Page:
Breath, you invisible poem! Steady, sheer exchange between the cosmos and our being. Counterpoise in which I rhythmically become […] You, air, still full of places once mine, do you know me? You once my words’ sphere, leaf, and smooth rind. —Rainer Maria Rilke, first and last strophes to “Sonnet 1,” The Sonnets to Orpheus:… Continue reading Rainer Maria Rilke
Sonnet LXV Matilde, where are you? Down here I noticed, under my necktie and just above my heart, a certain pang of grief between the ribs, you were gone that quickly. I needed the light of your energy, I looked around, devouring hope. I watched the void without you that is like a house, nothing… Continue reading Pablo Neruda
Be ahead of all parting, as though it already were behind you, like the winter that has just gone by. For among these winters there is one so endlessly winter that only by wintering through it all will your heart survive. — Rainer Maria Rilke, from “XIII,” The Sonnets to Orpheus. (W. W. Norton &… Continue reading Rainer Maria Rilke
Everything wants to float. And yet we move about like weights, attaching ourselves to everything, in thrall to gravity… — Rainer Maria Rilke, from “14,” Sonnets to Orpheus. (W. W. Norton & Company; 1 edition April 17, 2006) Originally published 1922.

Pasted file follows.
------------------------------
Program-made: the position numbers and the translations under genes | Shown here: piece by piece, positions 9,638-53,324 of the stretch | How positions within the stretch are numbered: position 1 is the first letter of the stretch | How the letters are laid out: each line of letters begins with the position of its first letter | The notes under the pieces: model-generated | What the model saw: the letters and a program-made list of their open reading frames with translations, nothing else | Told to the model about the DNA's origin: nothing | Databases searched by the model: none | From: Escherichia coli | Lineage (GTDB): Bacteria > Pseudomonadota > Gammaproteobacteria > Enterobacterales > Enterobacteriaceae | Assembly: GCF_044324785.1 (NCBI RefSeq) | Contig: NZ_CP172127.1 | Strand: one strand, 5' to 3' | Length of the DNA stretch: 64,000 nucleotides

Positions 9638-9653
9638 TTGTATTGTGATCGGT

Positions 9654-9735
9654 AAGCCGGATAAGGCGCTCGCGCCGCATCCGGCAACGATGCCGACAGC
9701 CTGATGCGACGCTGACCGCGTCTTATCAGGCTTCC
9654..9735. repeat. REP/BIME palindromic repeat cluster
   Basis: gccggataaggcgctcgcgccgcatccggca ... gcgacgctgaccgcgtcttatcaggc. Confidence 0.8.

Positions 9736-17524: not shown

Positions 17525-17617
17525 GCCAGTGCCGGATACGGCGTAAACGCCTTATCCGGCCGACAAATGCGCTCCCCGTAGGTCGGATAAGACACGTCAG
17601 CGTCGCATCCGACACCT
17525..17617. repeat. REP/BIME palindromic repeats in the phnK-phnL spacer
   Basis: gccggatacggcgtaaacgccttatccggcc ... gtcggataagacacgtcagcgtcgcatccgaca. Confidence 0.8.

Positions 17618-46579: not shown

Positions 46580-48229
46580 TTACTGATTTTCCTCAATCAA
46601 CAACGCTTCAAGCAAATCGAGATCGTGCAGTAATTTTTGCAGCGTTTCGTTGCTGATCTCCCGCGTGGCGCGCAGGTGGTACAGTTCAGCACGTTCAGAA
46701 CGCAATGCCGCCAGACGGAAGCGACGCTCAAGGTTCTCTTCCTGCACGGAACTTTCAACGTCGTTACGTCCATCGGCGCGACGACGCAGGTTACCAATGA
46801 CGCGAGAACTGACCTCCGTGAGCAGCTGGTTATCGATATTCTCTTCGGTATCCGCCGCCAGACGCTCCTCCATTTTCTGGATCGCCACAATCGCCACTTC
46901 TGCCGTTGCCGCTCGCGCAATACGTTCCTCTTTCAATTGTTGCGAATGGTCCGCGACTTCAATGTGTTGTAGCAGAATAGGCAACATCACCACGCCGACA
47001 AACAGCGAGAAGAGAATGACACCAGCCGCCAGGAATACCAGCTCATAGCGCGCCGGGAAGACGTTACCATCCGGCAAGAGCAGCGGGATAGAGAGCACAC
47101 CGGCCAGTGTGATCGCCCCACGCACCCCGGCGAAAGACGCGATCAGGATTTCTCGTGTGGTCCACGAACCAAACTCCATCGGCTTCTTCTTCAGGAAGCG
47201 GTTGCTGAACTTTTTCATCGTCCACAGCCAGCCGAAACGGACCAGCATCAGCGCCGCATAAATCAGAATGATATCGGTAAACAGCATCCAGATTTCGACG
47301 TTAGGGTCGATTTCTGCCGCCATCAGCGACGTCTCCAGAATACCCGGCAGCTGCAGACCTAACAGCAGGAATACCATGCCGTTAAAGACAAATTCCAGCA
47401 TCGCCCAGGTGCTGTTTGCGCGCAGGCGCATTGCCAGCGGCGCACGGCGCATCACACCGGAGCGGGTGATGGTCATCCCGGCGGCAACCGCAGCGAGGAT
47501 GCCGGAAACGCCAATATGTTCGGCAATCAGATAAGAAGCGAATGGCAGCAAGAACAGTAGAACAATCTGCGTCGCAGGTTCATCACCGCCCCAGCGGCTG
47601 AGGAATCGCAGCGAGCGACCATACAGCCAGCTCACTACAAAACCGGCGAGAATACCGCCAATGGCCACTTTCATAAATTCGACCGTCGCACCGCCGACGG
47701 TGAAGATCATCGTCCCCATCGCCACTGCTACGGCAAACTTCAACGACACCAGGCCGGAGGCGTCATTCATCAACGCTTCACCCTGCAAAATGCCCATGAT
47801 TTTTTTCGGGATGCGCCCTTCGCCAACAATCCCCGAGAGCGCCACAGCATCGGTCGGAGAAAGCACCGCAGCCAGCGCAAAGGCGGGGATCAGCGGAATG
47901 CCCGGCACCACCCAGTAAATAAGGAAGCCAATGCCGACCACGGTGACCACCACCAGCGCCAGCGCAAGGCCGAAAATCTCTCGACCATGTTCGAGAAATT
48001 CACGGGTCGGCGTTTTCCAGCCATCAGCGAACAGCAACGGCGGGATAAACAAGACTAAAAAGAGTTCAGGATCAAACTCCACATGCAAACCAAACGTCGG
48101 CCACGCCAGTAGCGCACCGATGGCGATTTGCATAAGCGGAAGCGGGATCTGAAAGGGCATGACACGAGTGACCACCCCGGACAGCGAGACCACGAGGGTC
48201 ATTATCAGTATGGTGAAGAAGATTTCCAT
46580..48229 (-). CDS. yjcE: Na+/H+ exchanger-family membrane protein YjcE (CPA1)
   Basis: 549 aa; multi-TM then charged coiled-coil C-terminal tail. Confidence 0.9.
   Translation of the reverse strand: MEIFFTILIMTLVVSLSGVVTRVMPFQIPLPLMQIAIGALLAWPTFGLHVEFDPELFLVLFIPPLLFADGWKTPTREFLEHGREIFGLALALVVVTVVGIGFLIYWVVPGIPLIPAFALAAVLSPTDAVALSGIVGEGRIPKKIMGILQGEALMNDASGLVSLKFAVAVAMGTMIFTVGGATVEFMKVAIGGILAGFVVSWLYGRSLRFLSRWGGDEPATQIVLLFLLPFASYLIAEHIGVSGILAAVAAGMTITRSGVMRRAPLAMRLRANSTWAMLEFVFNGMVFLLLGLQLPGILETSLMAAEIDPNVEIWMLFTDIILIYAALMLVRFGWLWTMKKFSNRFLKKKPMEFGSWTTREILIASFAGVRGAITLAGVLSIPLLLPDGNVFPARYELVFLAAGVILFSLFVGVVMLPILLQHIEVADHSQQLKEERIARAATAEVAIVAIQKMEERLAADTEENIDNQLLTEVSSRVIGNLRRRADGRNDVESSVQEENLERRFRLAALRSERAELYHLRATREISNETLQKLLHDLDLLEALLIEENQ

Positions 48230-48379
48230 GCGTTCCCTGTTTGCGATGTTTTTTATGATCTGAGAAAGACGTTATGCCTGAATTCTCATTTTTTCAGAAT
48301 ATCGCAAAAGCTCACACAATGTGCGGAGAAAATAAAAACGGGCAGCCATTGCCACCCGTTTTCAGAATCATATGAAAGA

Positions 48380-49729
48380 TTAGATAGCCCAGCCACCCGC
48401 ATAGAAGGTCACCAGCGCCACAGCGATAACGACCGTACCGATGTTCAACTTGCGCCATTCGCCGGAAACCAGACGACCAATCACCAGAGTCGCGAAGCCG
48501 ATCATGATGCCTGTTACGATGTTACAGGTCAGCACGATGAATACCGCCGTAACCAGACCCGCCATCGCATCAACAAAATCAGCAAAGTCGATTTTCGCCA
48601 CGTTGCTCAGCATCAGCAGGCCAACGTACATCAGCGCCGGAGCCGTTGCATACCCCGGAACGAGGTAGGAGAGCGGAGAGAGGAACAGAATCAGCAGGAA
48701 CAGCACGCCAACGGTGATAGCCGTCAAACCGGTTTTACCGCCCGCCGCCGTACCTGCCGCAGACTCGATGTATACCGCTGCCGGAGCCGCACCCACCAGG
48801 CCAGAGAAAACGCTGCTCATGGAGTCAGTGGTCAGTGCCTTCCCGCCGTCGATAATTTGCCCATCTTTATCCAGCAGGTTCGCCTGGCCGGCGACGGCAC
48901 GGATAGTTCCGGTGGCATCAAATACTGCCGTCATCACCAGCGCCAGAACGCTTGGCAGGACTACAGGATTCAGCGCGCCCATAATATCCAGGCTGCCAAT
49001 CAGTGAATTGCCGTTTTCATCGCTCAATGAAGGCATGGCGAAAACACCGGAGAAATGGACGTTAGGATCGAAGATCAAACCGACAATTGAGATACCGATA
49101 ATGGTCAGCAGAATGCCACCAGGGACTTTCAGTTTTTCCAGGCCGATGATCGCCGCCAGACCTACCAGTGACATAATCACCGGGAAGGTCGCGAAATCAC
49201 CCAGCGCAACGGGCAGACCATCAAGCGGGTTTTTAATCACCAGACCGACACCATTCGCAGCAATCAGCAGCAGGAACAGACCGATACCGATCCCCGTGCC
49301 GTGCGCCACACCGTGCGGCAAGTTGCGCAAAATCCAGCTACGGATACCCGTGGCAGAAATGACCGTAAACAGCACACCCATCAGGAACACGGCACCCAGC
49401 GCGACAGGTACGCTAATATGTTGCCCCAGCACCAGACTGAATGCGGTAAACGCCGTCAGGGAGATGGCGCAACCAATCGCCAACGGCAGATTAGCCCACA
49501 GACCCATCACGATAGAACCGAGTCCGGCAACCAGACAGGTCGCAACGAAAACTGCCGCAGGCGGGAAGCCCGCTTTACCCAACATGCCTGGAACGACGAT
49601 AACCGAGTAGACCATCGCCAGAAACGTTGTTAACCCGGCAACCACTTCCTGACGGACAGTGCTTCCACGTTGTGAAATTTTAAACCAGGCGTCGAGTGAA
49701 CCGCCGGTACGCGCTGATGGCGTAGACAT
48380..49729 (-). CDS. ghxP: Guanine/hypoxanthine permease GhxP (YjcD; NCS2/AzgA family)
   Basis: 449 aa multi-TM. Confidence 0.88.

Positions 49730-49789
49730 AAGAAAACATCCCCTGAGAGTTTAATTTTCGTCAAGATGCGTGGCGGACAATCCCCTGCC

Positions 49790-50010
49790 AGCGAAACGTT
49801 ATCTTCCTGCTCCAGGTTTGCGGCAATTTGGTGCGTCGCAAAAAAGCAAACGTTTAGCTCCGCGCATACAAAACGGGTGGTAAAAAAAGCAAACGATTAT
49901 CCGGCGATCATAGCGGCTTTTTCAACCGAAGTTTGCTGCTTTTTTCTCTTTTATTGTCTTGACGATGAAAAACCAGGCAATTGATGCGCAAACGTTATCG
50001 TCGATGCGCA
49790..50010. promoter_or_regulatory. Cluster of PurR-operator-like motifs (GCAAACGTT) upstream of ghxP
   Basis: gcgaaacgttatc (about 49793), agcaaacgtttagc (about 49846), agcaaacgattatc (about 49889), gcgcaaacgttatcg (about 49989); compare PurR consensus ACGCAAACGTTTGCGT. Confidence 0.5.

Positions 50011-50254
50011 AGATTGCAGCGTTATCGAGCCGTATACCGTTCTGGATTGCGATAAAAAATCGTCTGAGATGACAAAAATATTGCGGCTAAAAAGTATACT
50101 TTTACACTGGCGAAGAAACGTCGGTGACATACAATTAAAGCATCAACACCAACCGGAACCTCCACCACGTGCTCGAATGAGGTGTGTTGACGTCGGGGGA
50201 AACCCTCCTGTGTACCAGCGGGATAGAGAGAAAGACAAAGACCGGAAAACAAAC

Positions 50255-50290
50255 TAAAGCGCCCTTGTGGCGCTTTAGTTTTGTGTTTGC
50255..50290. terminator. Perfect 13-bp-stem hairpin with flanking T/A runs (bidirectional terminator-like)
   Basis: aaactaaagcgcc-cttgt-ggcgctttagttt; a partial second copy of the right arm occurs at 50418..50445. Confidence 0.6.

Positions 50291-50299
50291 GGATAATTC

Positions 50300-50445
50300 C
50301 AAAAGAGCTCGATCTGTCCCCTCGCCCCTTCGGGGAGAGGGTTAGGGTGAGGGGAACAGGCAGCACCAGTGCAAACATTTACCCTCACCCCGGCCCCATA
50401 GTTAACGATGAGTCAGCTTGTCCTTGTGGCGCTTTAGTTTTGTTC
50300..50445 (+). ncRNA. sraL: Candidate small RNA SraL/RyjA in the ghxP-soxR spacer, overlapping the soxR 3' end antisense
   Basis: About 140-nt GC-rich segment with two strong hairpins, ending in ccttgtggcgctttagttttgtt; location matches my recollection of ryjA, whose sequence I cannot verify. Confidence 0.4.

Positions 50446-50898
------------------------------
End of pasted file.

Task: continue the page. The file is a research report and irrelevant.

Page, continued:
…your smile more enduring, when it illuminates your sorrow. — Rainer Maria Rilke, The Sonnets To Orpheus. (W. W. Norton & Company; 1 edition April 17, 2006) Originally published 1922.
I shall be gone to what I understand, And happier than I ever was before. The love that stood a moment in your eyes, The words that lay a moment on your tongue, Are one with all that in a moment dies, A little under-said and over-sung. But I shall find the sullen rocks and… Continue reading Edna St. Vincent Millay
sonnet, n. (NOTE ON THE LEAP: How rough and worn the weight of flight — the soul, when gathered, forms its own twinned claw and wing, each severed arc, the nape — all grown inside the body, left. Alone with loss, life rises: emblazoned air, trembling star of made faith. The fall that forms in… Continue reading David Levithan